If confirmed, Representative Deb Haaland would make history as first Native American Sec. of the Interior. Photo: Stefani Reynolds / Getty Images
If confirmed, Representative Deb Haaland would make history as first Native American Sec. of the Interior. Photo: Stefani Reynolds / Getty Images

Biden chooses Rep. Deb Haaland, who would make history as first Native American Secretary of the Interior

After a tremendous push for Biden to select the first Native American for his cabinet, Rep. Haaland is a historic first. 


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President-elect Joe Biden has nominated progressive Democratic Rep. Deb Haaland (D-NM) to serve as Interior Secretary, a historic pick, as she would be the first Native American to hold the position in the department’s history. 

Born in the Navajo Nation in Arizona, and an enrolled member of the Pueblo Laguna tribe, Haaland would lead the department that oversees the nation’s vast natural resources, including tribal lands. Having just won reelection for a second term, if confirmed her cabinet nomination will lessen the razor-thin majority Democrats currently hold in the House until her seat is filled. 

Over the course of his presidential campaign, Biden vowed he would ensure that Indigenous tribes have a “seat at the table at the highest levels of the federal government.” At last, he has delivered on the promise, and though the cabinet still stands at only one potential Indigenous member, it’s a unifying decision for the Democratic party. 

Progressives, environmentalists, Indigenous groups, and more moderate Democrats continuously lobbied for Biden to deliver his promise by nominating Haaland, and the movement garnered support from the highest positions of House leadership. 

Support was further solidified when House speaker Nancy Pelosi officially announced her support for Biden to choose another House Democrat out of Congress and into his cabinet, despite the diminished majority she will end up with in the new year.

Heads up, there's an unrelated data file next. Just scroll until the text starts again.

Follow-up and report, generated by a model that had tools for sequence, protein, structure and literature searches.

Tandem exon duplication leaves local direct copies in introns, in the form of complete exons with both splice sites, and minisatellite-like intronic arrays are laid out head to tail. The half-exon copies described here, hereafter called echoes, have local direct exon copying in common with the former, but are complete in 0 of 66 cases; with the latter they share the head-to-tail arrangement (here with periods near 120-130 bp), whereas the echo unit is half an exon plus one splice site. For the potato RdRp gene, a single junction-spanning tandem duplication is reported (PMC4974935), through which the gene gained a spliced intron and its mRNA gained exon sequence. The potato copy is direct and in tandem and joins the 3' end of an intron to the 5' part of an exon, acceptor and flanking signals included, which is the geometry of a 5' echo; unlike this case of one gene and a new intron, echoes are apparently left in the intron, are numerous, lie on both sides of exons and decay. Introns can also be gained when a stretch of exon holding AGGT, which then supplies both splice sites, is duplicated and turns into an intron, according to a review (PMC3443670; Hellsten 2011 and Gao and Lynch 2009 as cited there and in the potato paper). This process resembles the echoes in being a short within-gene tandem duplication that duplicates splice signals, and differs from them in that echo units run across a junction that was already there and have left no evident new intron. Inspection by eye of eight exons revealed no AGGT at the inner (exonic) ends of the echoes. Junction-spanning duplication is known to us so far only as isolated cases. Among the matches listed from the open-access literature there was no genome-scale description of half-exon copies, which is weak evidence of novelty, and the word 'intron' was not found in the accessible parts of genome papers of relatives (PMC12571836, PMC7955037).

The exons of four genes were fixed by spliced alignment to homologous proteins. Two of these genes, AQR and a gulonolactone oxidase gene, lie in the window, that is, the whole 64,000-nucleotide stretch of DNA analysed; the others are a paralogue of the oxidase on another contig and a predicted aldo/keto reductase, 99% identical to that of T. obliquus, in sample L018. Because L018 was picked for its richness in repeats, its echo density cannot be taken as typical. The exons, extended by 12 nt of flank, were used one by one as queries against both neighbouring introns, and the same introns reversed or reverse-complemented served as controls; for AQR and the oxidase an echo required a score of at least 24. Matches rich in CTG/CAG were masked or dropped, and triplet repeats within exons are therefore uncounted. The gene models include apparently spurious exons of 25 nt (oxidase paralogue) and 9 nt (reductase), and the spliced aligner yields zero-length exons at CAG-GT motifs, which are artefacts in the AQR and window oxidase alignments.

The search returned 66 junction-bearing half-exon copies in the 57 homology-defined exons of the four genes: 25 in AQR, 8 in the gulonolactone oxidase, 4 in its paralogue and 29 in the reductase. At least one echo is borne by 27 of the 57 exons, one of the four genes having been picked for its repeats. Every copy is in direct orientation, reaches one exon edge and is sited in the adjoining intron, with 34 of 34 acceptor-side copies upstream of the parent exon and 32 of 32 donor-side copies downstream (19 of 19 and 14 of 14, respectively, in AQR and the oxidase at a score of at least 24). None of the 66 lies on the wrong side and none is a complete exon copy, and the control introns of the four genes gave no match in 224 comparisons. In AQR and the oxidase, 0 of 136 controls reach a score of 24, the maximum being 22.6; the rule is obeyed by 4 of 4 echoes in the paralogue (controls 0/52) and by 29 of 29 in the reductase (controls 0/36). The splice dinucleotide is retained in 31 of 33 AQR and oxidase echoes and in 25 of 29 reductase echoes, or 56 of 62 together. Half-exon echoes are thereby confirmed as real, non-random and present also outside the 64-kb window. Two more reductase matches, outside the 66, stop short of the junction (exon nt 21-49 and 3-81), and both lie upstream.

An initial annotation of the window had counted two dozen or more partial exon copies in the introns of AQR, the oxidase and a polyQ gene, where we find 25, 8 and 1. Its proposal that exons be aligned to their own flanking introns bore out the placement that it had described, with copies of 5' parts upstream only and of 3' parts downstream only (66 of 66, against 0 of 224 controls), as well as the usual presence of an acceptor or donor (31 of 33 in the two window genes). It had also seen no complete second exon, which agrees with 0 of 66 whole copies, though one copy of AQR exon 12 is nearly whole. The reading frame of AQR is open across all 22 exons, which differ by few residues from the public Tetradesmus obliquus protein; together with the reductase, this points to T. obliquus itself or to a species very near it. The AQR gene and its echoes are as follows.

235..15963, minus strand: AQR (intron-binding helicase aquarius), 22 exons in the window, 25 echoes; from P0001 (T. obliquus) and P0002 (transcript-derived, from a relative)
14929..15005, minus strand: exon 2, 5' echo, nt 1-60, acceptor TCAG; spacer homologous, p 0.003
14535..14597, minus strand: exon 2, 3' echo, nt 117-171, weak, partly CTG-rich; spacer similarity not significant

Pelosi released a statement in support, writing: “Congresswoman Haaland knows the territory, and if she is the President-elect’s choice for Interior Secretary, then he will have made an excellent choice.” 

Biden made his announcement shortly after. 

The selection could mark a turning point in the U.S.’s hundreds of years-long history with Indigenous peoples, riddled with actions at their expense. 

It also marks a shift in the 171-year-old history of the Interior, and it's distressing relationship with hundreds of federally-recognized tribes. 

The representation in the president’s cabinet is long overdue, especially when considering what the department deals with often intersects with Indigenous People and their lands.

The Interior manages about one-fifth of the nation’s lands, including over 109 million acres of wilderness and 422 national parks. It also manages wildlife refuges, mitigates the  decline of  endangered species, and manages water projects integral to cities like Los Angeles and Las Vegas. 

The department will play a large role in Biden’s plan to battle the climate crisis, as he has pledged to halt all new oil and gas drilling on public lands and waters.

It is also responsible for managing most of the land controlled by the federal government and for administering programs concerning Indigenous communities. Up to this point the agency’s reputation has been one of abandoning its responsibilities to tribes, ranging from evictions from ancestral lands, to abusing and breaking treaties. 

“In 4 years, Trump failed Indian Country & only broke more promises. It was exacerbated by the Administration’s failure to take this #pandemic seriously. Looking forward to turning the page on this dark chapter,” Haaland wrote on Twitter, minutes before Biden’s announcement. 

It’s a huge department to oversee, but supporters have long been sure that Haaland is the strongest candidate for the position. Many voiced their support of Biden’s selection on Twitter. 

“This is a big deal,” wrote Rep. Alexandria Ocasio-Cortez (D-NY) on the historic appointment. 

“A visionary Native woman in charge of federal lands. Unequivocally progressive. Green New Deal champion. Exquisitely experienced,” Ocasio-Cortez continued. 

Rep. Ben Ray Luján (D-NM), the senator-elect from Haaland’s state also released a statement on her nomination, emphasizing her experience for the cabinet position. 

“The Congresswoman has a proven record of standing up for our environment, creating opportunities for Americans to enjoy the great outdoors, and fighting to ensure that America keeps its commitments. As Chair of the Subcommittee on National Parks, Forests and Public Lands, she held the Trump administration accountable for its efforts to undermine public lands and environmental protections,” Luján wrote.

Today’s announcement is more than making history. If confirmed, Congresswoman Haaland will bring progressive action and overdue representation to the highest levels of the White House. 



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